What Is a Casino?


A casino is a building where people can gamble and play games of chance. Some casinos are massive, with breathtaking decor and a mind-blowing number of gambling machines and tables. Other casinos are smaller, and focus on a specific type of gaming, such as poker. They may also offer non-gambling activities, hotels, restaurants and bars, as well as other forms of entertainment. Regardless of size and location, the best casinos in the world are stunning, immersive experiences that put patrons in the lap of luxury for the duration of their visit.

Modern casinos are like indoor amusement parks for adults, but the vast majority of their revenue comes from gambling. Slot machines, blackjack, roulette, craps and keno provide the billions of dollars in profits that casinos rake in each year.

While gambling almost certainly predates written history, the concept of a casino as a place where patrons could find a variety of ways to gamble under one roof didn’t develop until the 16th century. During this time, the popularity of gambling grew as European nobles began to gather in private places called ridotti, where they could gamble and socialize with their peers. Although gambling was technically illegal in Europe at the time, this didn’t stop wealthy aristocrats from frequenting these venues.

When Nevada legalized gambling in the 1950s, organized crime figures were quick to jump on the bandwagon and begin investing their money into casinos. These mobster-controlled casinos thrived until federal crackdowns and the risk of losing a casino license at even the slightest hint of mafia involvement caused them to fade into history. Today, legitimate businessmen are more interested in taking a bite out of the casino pie than mobsters are, and large casino companies have popped up all over the world.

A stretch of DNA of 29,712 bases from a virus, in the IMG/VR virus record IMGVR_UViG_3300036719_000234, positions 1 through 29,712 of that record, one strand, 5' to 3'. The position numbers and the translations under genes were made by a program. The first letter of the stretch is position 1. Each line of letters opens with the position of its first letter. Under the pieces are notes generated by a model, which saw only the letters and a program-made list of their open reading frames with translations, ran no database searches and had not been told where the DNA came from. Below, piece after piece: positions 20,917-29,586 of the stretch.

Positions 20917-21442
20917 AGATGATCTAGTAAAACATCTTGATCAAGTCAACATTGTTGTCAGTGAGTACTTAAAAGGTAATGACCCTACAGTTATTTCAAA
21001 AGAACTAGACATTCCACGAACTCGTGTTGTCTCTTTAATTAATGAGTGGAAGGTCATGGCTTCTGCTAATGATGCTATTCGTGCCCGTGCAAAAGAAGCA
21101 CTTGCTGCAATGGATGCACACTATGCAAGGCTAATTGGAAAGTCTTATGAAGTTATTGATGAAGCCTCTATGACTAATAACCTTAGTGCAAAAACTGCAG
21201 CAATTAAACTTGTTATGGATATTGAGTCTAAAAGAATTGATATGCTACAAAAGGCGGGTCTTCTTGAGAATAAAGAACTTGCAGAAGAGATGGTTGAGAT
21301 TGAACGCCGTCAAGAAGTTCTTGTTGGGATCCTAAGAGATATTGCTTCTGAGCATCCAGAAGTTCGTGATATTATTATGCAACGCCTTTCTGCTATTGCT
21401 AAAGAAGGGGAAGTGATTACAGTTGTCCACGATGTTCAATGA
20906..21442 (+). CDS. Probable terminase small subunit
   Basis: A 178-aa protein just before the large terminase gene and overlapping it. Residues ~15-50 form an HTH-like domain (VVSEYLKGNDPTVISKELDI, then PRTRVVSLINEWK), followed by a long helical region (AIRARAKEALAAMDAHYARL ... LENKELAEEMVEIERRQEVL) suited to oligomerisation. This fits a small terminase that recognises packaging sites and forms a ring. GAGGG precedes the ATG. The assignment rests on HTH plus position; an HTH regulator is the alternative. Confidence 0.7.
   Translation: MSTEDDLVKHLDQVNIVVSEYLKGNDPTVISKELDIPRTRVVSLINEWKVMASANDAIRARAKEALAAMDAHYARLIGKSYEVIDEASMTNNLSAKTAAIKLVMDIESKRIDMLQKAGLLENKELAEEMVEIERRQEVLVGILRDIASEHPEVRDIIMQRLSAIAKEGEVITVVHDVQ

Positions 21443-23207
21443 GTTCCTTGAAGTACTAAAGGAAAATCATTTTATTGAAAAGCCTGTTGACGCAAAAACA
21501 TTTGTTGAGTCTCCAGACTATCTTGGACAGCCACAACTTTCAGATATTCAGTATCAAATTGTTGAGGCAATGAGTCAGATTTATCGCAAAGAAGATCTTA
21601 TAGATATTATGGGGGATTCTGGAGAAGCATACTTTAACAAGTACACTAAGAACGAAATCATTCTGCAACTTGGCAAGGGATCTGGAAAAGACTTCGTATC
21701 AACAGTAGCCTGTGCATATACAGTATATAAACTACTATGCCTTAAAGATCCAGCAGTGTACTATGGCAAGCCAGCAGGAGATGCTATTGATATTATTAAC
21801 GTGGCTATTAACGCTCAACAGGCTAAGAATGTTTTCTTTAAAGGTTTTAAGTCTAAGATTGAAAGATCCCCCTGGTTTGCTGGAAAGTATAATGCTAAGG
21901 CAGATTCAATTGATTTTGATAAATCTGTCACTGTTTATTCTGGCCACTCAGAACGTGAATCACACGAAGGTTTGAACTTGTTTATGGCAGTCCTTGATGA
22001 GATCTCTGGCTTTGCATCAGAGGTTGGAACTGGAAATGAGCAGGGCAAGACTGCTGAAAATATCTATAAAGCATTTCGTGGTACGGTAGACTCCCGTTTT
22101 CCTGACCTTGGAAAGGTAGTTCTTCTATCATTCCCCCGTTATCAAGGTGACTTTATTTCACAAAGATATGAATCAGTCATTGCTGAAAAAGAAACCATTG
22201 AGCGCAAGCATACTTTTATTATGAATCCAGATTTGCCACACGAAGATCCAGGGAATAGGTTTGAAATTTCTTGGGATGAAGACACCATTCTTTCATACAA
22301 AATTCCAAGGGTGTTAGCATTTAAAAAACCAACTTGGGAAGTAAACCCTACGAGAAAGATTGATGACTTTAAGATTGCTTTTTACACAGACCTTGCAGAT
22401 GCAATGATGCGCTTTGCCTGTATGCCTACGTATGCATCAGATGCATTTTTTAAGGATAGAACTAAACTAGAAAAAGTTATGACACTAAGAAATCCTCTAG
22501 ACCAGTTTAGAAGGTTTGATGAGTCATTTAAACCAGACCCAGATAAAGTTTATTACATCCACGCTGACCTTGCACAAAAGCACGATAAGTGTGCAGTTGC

Casino security starts on the floor of the casino, where employees keep an eye on the game play and players to make sure everything goes as it should. Table managers and pit bosses watch over the table games with a wider view, making sure that patrons aren’t stealing from other tables or trying to cheat by marking or switching cards or dice.

More sophisticated security is in the form of cameras that give a high-tech “eye-in-the-sky” view of the entire casino at once. The cameras can be adjusted to focus on certain suspicious patrons by security workers in a separate room filled with banks of monitors, and the video feeds are recorded for later review. Despite these technological safeguards, casinos still have to deal with the fact that something about gambling just seems to encourage people to steal, cheat and scam their way into a jackpot. Whether it’s the flashing lights, the roar of the crowd or the promise of huge winnings, casinos have to be constantly on their guard against dishonest gamblers. This is why many casinos invest so much time, money and effort into their security systems. They know that the only way to stay ahead of the competition is to protect their reputations at all costs.